16 May 2014

When The Boss Turns Out To Be Bossy

Let me say at the outset that I am not a fan of the "ban bossy" movement. I think it's a gimmick, and while it does open up some discussion as to how we use our vocabulary in gender-biased ways, it stigmatizes a useful word for which, sometimes, there is no adequate substitute. Now, I'm afraid to say it, even though I wish I could without being instantly judged.

Anyway.

Much has been made of the recent dismissal of Jill Abramson from the helm of the New York Times. According to reasonably credible reports, she was dismissed for her brusque, abrasive manner (what might have been called, until recently, bossiness). Some people have said that she may also have upset some higher-ups by complaining about her compensation, but I don't have the facts on that, so I'm going to focus here on the bossy thing.

I've followed the story fairly closely, because I am interested, as you know, in issues related to women in the workplace. I find it fascinating and more than a little disturbing that the executive editor of a huge, big-city newspaper would be dismissed for brusqueness. In my mind, the cartoonish stereotype of a newspaper editor sits hunched over at a desk, behind a towering pile of paper, with a stinky cigar and a permanent sneer. A nasty, abrasive, brusque attitude is essential equipment for the job.

If you're a man.

Because, let's face it, a man who is brusque in the workplace is perceived as talented, ambitious, confident, and competent. Abrasiveness adds to the image: he doesn't have time for nonsense. He's not here to be your friend or mentor. Things need to get done. He doesn't suffer fools gladly. When you are working for him, you'd better do a good job, or heads will roll. I can't tell you how many nasty, brusque men I have worked for. Everyone knew they were nasty and brusque, and if you were new and your coworkers liked you, they might warn you before you headed off to his office: He's really mean. Don't take it personally. He's like that to everyone. Come back after he yells at you and we'll get a cup of coffee so you can have a moment to de-stress.

A man who is kind, gentle, and nurturing might find a path to success in the office, but he doesn't inspire the kind of awe and trembling fear that his meaner colleagues use to get the job done - fast and efficiently.

A female boss, however, is expected to be different. She is supposed to be a role model to other women, to take them under her wing and be a mentor to them, or at least a good example of what's possible for them someday. She is kind and understanding. She's an expert on work-life balance. (When did you ever hear a man described as having really perfected his work-life balance?) She had to claw her way to the top, but she's expected to drop a rope ladder for those below her, so they can get there more easily than she did.

If she's not like that, gentle, accommodating, and helpful in every way, we have a full vocabulary to describe her that we would not use to describe our male bosses. She's a bitch. She's an emasculating maneater. She hates men. She thinks women should undergo the same hazing that she underwent. She's not interested in helping anyone but herself. She's - yes - bossy.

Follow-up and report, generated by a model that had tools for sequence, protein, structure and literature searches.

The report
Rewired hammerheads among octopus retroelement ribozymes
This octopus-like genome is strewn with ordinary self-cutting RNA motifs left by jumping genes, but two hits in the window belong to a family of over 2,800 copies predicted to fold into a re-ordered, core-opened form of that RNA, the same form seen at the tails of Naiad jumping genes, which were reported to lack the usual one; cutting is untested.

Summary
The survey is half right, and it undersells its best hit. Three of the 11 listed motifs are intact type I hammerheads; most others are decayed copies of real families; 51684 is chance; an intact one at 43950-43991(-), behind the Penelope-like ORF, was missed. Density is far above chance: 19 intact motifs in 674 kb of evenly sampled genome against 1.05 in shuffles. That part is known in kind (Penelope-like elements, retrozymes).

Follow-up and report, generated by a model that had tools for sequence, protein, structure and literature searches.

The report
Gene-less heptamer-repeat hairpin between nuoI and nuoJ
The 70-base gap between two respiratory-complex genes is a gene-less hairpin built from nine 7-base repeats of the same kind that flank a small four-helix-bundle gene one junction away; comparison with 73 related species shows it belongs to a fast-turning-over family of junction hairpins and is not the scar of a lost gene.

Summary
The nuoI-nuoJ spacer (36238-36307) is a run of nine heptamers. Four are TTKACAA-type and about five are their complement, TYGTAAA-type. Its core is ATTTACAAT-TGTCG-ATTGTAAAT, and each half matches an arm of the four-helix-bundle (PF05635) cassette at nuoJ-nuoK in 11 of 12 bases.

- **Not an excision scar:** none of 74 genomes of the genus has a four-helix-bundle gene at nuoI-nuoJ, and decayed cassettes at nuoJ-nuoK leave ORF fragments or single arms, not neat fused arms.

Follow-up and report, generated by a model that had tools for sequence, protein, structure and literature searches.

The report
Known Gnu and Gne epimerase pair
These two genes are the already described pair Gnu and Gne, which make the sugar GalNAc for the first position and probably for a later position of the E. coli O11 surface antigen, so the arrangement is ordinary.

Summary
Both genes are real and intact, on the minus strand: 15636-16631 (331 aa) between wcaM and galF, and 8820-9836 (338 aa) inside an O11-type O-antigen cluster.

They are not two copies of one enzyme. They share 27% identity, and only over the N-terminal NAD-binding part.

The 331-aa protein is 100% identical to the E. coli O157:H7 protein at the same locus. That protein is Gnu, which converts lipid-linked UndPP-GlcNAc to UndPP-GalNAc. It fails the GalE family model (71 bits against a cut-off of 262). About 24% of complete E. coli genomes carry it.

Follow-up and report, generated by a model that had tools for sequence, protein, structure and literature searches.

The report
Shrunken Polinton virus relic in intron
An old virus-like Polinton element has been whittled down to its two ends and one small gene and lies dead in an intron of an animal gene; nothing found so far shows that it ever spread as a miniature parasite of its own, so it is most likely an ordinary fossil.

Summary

The problem is that you often need to be bossy - abrasive, brusque, intimidating, decisive - in order to succeed in a fast-paced workplace like a newsroom. But if you're a woman, you're not allowed to be that way. Being bossy is such a negative trait in women that a huge social media movement has sought to ban the use of the word itself. Call a woman anything but bossy! Call her a leader! Call her creative and inspiring! Call her gentle and nurturing, demanding and authoritative, but don't ever, ever call her bossy.

And if she turns out to be bossy, you need to let her go. Because we can't have that. The mean executive editor with the cigar and the snarl is by definition a man, because women can't snarl. Or be mean. It just doesn't fit into our paradigm.

I think it's time for the paradigm to change. We can't equip women for leadership, and expect them to achieve the same things men achieve, if we frown on them when they behave in exactly the same way their male colleagues behave. It would be nice if everyone could be sweet and nurturing all the time, but we all know that's not how the world works. If a job requires brusqueness or a bit of unpleasantness from time to time, we have to allow people to be that way, without regard to their gender. Let's let the boss be bossy. The world will be a fairer place if we do.








13 May 2014

Still Life With Pressure Cooker

My husband got me a pressure cooker for Mother's Day. It's a big fancy Cuisinart electric contraption, and it had apparently been in the back of his car for weeks, hidden under a pile of clothes, waiting for Sunday.

When Sunday rolled around, my son wrapped the pressure cooker in some Christmas wrapping paper he had found in the basement - red, with snowmen and a script "Let It Snow" legend - and they all presented it to me with their homemade cards and breakfast in bed on a tray.

I was thrilled. I had wanted a pressure cooker for a long time. I'd been enchanted by the stories of stews made in minutes, and I'd dreamed of pressure-canning tomatoes and other vegetables. To use the pressure cooker, you fill it with food, and then you lock the lid, and the machine heats up. Pressure builds along with the heat inside the pot, dramatically reducing the time needed to cook the food.